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The sentinel lymph node, also called the guard node, is the lymph node in the arm pit where breast cancer will first spread. The surgeon uses either a special blue dye or radioactive isotope (or in some cases both) which is injected into the breast prior to surgery.
The dye or isotope used then moves from the tumor to the lymphatic system. The first node to turn blue or contain the radioactive material is referred to as the sentinel node. The first node that turns blue (using the dye method) or that is hot with the Geiger Counter (using the radioactive isotope) is removed and immediately examined by the pathologist
A sentinel node biopsy determines if breast cancer has spread to the lymph nodes. An important part of staging cancer, it impacts recommendations for a patient's treatment. At Johns Hopkins, the sentinel node biopsy is the standard of care for determining the presence of cancer in the axillary lymph nodes.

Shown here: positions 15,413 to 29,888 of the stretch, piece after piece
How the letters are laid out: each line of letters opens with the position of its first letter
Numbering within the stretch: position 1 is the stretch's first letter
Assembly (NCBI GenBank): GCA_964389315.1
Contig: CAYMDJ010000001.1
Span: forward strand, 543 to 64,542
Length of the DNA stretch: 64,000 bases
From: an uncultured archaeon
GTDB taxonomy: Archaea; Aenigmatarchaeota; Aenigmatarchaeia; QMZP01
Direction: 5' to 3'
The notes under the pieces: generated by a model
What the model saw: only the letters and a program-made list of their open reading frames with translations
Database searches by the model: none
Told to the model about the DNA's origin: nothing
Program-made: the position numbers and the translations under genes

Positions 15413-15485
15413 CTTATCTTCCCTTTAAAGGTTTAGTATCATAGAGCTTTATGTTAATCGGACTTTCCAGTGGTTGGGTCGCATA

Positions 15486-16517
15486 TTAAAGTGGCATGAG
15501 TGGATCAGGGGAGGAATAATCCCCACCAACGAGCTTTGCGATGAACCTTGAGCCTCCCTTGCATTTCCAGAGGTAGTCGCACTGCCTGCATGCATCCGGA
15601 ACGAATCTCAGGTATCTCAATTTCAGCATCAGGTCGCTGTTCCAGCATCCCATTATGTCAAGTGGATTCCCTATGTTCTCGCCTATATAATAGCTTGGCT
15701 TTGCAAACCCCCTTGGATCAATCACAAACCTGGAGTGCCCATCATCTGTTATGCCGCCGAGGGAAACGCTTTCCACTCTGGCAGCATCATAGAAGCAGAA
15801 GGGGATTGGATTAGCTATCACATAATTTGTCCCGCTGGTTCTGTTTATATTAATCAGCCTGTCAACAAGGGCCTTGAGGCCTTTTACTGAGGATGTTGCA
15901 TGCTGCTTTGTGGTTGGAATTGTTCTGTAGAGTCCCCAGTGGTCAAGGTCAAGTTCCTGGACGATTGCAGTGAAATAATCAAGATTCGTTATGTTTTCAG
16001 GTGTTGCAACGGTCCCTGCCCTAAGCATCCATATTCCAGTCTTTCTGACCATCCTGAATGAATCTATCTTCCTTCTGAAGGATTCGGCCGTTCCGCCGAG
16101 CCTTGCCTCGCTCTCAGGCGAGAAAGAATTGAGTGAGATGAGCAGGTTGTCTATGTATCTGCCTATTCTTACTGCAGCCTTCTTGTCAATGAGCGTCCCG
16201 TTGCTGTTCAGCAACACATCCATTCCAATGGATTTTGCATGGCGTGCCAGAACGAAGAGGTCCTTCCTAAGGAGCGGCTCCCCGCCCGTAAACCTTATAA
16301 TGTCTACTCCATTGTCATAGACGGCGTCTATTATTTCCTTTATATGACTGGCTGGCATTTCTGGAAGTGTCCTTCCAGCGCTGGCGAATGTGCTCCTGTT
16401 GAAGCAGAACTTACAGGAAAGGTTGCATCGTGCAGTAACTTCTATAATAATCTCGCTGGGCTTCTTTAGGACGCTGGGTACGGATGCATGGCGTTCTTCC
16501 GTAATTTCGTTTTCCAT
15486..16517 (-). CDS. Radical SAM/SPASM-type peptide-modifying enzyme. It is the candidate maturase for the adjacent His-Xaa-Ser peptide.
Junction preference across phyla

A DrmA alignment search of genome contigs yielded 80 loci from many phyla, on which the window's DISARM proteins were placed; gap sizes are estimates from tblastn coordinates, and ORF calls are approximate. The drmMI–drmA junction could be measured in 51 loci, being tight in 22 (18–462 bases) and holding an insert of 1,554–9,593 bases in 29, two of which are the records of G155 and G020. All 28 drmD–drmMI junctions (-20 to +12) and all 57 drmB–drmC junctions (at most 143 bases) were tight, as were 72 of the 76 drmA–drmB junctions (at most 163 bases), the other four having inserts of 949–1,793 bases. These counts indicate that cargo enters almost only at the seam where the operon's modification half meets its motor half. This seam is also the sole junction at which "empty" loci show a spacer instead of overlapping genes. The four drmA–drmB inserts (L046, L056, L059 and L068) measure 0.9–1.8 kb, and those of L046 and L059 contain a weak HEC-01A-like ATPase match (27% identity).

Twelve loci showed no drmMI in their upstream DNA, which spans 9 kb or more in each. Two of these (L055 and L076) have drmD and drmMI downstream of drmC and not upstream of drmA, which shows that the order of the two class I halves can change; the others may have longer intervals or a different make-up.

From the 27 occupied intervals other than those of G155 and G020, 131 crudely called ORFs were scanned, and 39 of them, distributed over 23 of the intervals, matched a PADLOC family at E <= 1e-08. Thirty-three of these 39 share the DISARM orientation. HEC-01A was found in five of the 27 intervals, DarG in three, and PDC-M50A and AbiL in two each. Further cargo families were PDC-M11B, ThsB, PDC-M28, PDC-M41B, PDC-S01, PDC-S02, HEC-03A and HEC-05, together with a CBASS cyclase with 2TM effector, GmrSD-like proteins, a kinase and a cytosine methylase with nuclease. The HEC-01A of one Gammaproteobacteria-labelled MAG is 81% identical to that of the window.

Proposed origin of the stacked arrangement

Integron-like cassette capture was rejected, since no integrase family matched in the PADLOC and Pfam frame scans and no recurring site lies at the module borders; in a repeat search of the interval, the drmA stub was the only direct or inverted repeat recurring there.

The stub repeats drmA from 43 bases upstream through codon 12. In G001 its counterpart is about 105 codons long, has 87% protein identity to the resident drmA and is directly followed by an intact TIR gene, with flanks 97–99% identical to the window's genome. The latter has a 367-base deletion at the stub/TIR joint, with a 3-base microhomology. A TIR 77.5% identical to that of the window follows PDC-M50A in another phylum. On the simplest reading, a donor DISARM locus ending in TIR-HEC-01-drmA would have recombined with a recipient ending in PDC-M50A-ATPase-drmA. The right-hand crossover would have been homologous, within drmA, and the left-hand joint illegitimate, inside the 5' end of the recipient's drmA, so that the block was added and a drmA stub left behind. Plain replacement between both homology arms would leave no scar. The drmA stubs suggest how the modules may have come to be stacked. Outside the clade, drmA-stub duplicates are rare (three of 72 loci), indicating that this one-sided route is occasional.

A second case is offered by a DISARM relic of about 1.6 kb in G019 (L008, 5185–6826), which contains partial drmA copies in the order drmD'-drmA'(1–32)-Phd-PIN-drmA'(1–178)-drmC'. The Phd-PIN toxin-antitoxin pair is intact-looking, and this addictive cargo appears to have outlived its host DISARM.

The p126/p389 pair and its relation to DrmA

The sentinel lymph node(s) will be sent to pathology for analysis and staging of the breast cancer. The pathology report will then be shared with you at your one week post operative appointment. If the sentinel lymph node is negative for tumor cells, the remaining lymph nodes are left intact This reduces the risk of lymphedema in the future, as well as preserves healthy tissue that doesn’t need to be surgically disturbed. However, if the node is positive, a more comprehensive decision will be made whether other nearby nodes need to be removed and examined for cancer in a future surgery.
At the Johns Hopkins Breast Center, our surgeons have been performing sentinel node biopsies since 1996, when they began as clinical trials. Because of our work—and that of colleagues at other centers—sentinel node biopsy is now the standard of care for determining the presence of cancer in the axillary lymph nodes.
Knowing if the cancer has spread to the nearby lymph nodes is a critical part of staging, and therefore impacts the recommendations for treatment of the patient’s breast cancer.